Using a simple blood test, physicians may soon be able to predict the risk of mortality for patients with sepsis — an overwhelming immune response to infection that contributes to almost half of all in-hospital deaths.
In the past, it was difficult to diagnose septic infections, let alone assess their severity. “Historically, we haven’t been able to adequately define who has sepsis and who does not,” said Timothy Sweeney, MD, PhD, a former Stanford research associate.
Sweeney is a lead author of a study appearing in Nature Communications that models mortality from sepsis.
The research — developed through a collaboration of universities in Spain, Australia, the United Kingdom and across America — has identified patterns of gene expression associated with varying risk of mortality in sepsis. These “gene signatures” could help identify patients with the greatest risk of dying from sepsis and speed the delivery of treatment to them. By providing drug developers a population to focus on, “it could help usher in a new era of sepsis drugs and interventions, and also decrease costs by getting the right treatments to the right patients,” Sweeney said.
Because sepsis is ill-defined, it is a challenge to develop drugs to treat it. Numerous interventional trials in sepsis have failed to make improvements, Sweeney said.
Currently, standard sepsis treatment is limited to supportive care and early antibiotic intervention. The timing of antibiotic administration is critical — doctors must quickly determine whether a patient has sepsis and requires treatment.
“Every hour of delay in administering antibiotics leads to a 6 to 8 percent increase in relative risk of death,” said study co-author Purvesh Khatri, PhD, assistant professor of medicine and of biomedical data science. “So every hour counts.”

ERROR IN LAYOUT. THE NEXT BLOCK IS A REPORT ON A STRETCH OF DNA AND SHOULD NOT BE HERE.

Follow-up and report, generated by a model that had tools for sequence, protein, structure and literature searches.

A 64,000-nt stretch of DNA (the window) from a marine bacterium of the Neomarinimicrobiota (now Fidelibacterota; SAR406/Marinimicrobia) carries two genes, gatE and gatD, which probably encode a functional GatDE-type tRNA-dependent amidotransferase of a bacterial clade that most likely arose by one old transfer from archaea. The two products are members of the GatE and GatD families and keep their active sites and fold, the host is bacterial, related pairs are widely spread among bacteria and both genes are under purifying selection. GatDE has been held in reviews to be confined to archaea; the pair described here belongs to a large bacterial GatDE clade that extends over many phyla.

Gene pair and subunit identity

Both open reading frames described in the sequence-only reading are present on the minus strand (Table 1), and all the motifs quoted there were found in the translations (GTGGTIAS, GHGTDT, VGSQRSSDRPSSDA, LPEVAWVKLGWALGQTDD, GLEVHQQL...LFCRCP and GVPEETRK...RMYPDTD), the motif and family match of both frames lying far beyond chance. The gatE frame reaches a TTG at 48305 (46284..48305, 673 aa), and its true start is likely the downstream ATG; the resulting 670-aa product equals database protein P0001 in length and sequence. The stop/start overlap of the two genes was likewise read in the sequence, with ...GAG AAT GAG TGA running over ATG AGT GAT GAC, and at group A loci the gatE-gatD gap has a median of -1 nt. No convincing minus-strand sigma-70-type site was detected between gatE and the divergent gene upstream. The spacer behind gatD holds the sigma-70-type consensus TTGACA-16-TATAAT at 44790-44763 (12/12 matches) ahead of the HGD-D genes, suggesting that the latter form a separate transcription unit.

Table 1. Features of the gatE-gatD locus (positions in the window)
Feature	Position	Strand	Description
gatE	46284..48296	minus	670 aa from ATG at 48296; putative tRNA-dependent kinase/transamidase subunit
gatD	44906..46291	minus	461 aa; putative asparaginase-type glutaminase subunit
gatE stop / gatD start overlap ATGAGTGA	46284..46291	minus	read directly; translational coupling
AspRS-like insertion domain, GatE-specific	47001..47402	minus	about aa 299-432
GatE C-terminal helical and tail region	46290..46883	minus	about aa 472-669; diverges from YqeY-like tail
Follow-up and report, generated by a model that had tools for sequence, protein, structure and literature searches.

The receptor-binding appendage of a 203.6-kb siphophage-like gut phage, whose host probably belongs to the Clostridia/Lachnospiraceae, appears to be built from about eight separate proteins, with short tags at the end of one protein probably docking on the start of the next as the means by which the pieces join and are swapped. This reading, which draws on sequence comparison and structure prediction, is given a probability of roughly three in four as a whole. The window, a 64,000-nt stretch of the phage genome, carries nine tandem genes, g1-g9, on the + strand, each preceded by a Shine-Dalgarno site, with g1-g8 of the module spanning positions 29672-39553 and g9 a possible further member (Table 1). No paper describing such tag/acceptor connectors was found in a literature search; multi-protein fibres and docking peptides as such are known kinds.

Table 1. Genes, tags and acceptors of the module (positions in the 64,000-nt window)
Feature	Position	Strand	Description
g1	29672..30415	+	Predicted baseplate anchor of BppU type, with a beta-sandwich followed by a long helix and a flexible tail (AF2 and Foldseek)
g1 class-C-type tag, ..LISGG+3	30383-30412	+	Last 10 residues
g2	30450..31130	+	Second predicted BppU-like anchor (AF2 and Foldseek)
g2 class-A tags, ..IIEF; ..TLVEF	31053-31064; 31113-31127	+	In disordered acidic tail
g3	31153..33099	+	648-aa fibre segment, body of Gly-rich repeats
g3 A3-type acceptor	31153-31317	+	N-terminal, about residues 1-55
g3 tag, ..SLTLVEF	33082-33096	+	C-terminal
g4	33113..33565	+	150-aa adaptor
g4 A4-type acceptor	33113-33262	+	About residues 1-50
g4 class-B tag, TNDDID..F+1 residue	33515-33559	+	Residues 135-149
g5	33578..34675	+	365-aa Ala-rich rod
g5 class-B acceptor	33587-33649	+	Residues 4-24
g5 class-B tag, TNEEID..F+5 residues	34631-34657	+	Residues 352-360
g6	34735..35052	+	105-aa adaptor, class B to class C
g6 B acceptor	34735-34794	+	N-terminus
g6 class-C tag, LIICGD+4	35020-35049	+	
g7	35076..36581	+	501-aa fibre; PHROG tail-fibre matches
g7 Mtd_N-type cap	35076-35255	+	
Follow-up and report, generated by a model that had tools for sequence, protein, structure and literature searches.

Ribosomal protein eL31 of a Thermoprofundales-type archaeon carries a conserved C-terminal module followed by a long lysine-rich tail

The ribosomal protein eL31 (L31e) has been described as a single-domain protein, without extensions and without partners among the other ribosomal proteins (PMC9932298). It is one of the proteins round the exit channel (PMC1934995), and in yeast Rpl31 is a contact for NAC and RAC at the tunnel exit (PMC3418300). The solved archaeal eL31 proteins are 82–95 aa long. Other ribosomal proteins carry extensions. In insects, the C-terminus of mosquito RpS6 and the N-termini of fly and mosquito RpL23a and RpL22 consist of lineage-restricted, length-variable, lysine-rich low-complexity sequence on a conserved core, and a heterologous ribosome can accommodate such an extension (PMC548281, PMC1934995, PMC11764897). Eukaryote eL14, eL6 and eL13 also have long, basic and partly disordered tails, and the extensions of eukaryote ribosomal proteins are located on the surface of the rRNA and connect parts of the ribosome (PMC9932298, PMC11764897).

In the past two years, the Khatri Lab has also identified gene signatures for the diagnosis of sepsis and determining whether it stems from a bacterial or viral infection. Sweeney and Khatri recently cofounded a company that aims to put these gene signatures and those predictive of mortality into clinical practice. “Collectively these three signatures, which come out to 30 genes in total, allows us to diagnose the presence, type and severity of a patient’s infection,” said Khatri. Their aim is to develop a blood test that can measure gene expression and get this information to a clinician in less than an hour.
“In sepsis, it’s very difficult to figure out which patients need extra care, because every patient is systemically inflamed,” Khatri said. “When somebody shows up at the emergency department at 2 o’clock in the morning, we don’t know whether we should send them home, observe them for a few more hours or send them to the ICU.” Predicting mortality in sepsis could doctors to fill in that critical piece of decision-making.
Khatri and Sweeney have submitted the work for patent protection through the Stanford Office of Technology Licensing; their startup has taken exclusive license and is commercializing the work.
Photo by Drew Hays